Int. J. Environ. Res. Public Health 2011, 8(6), 2226-2239; doi:10.3390/ijerph8062226
Article

Remediation of Chlorinated Solvent Plumes Using In-Situ Air Sparging—A 2-D Laboratory Study

1 ENGEO Incorporated, 2010 Crow Canyon Place, Suite 250, San Ramon, CA 94583, USA 2 Department of Civil & Materials Engineering, University of Illinois at Chicago, 842 West Taylor Street, Chicago, IL 60607, USA
* Author to whom correspondence should be addressed.
Received: 1 March 2011; in revised form: 21 May 2011 / Accepted: 10 June 2011 / Published: 16 June 2011
(This article belongs to the Special Issue Advances in Environmental Geotechnics)
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Abstract: In-situ air sparging has evolved as an innovative technique for soil and groundwater remediation impacted with volatile organic compounds (VOCs), including chlorinated solvents. These may exist as non-aqueous phase liquid (NAPL) or dissolved in groundwater. This study assessed: (1) how air injection rate affects the mass removal of dissolved phase contamination, (2) the effect of induced groundwater flow on mass removal and air distribution during air injection, and (3) the effect of initial contaminant concentration on mass removal. Dissolved-phase chlorinated solvents can be effectively removed through the use of air sparging; however, rapid initial rates of contaminant removal are followed by a protracted period of lower removal rates, or a tailing effect. As the air flow rate increases, the rate of contaminant removal also increases, especially during the initial stages of air injection. Increased air injection rates will increase the density of air channel formation, resulting in a larger interfacial mass transfer area through which the dissolved contaminant can partition into the vapor phase. In cases of groundwater flow, increased rates of air injection lessened observed downward contaminant migration effect. The air channel network and increased air saturation reduced relative hydraulic conductivity, resulting in reduced groundwater flow and subsequent downgradient contaminant migration. Finally, when a higher initial TCE concentration was present, a slightly higher mass removal rate was observed due to higher volatilization-induced concentration gradients and subsequent diffusive flux. Once concentrations are reduced, a similar tailing effect occurs.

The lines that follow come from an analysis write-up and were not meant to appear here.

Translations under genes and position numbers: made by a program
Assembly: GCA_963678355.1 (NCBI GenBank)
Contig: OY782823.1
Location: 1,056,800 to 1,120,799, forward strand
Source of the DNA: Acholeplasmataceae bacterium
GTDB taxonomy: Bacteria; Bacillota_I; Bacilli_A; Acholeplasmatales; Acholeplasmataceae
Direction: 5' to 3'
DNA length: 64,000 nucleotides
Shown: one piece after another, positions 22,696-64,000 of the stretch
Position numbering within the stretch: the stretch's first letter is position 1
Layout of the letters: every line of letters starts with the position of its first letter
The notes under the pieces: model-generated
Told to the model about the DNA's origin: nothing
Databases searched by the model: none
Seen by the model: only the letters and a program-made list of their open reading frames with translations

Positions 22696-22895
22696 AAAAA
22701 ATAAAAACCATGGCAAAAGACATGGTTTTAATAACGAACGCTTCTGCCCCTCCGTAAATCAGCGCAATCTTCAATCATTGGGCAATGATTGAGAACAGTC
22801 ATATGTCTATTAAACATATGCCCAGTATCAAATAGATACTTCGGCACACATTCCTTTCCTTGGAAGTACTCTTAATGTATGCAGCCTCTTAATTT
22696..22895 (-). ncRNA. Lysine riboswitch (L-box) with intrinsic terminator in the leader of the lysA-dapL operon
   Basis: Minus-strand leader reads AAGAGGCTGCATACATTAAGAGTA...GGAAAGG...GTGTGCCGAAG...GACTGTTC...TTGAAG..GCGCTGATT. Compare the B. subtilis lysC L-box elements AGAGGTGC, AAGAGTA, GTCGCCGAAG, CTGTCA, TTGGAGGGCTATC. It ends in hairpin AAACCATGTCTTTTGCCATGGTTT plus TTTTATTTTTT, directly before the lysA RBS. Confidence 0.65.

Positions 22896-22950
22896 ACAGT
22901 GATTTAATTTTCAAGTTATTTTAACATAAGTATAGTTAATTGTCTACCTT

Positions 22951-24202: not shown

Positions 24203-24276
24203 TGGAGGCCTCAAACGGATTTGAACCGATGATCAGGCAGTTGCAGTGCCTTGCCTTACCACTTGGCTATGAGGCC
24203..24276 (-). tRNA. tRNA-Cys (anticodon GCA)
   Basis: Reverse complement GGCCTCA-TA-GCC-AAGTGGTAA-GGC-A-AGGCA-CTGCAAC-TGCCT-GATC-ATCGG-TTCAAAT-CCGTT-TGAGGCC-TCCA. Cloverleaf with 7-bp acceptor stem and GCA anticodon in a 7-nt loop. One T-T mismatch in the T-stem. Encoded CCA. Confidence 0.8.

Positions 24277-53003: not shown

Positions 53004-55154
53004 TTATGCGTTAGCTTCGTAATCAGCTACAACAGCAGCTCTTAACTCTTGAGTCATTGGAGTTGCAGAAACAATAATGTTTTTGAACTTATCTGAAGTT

Keywords: air sparging; groundwater; contamination; non-aqueous phase liquids; soils; remediation; pollution

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MDPI and ACS Style

Adams, J.A.; Reddy, K.R.; Tekola, L. Remediation of Chlorinated Solvent Plumes Using In-Situ Air Sparging—A 2-D Laboratory Study. Int. J. Environ. Res. Public Health 2011, 8, 2226-2239.

AMA Style

Adams JA, Reddy KR, Tekola L. Remediation of Chlorinated Solvent Plumes Using In-Situ Air Sparging—A 2-D Laboratory Study. International Journal of Environmental Research and Public Health. 2011; 8(6):2226-2239.

Chicago/Turabian Style

Adams, Jeffrey A.; Reddy, Krishna R.; Tekola, Lue. 2011. "Remediation of Chlorinated Solvent Plumes Using In-Situ Air Sparging—A 2-D Laboratory Study." Int. J. Environ. Res. Public Health 8, no. 6: 2226-2239.

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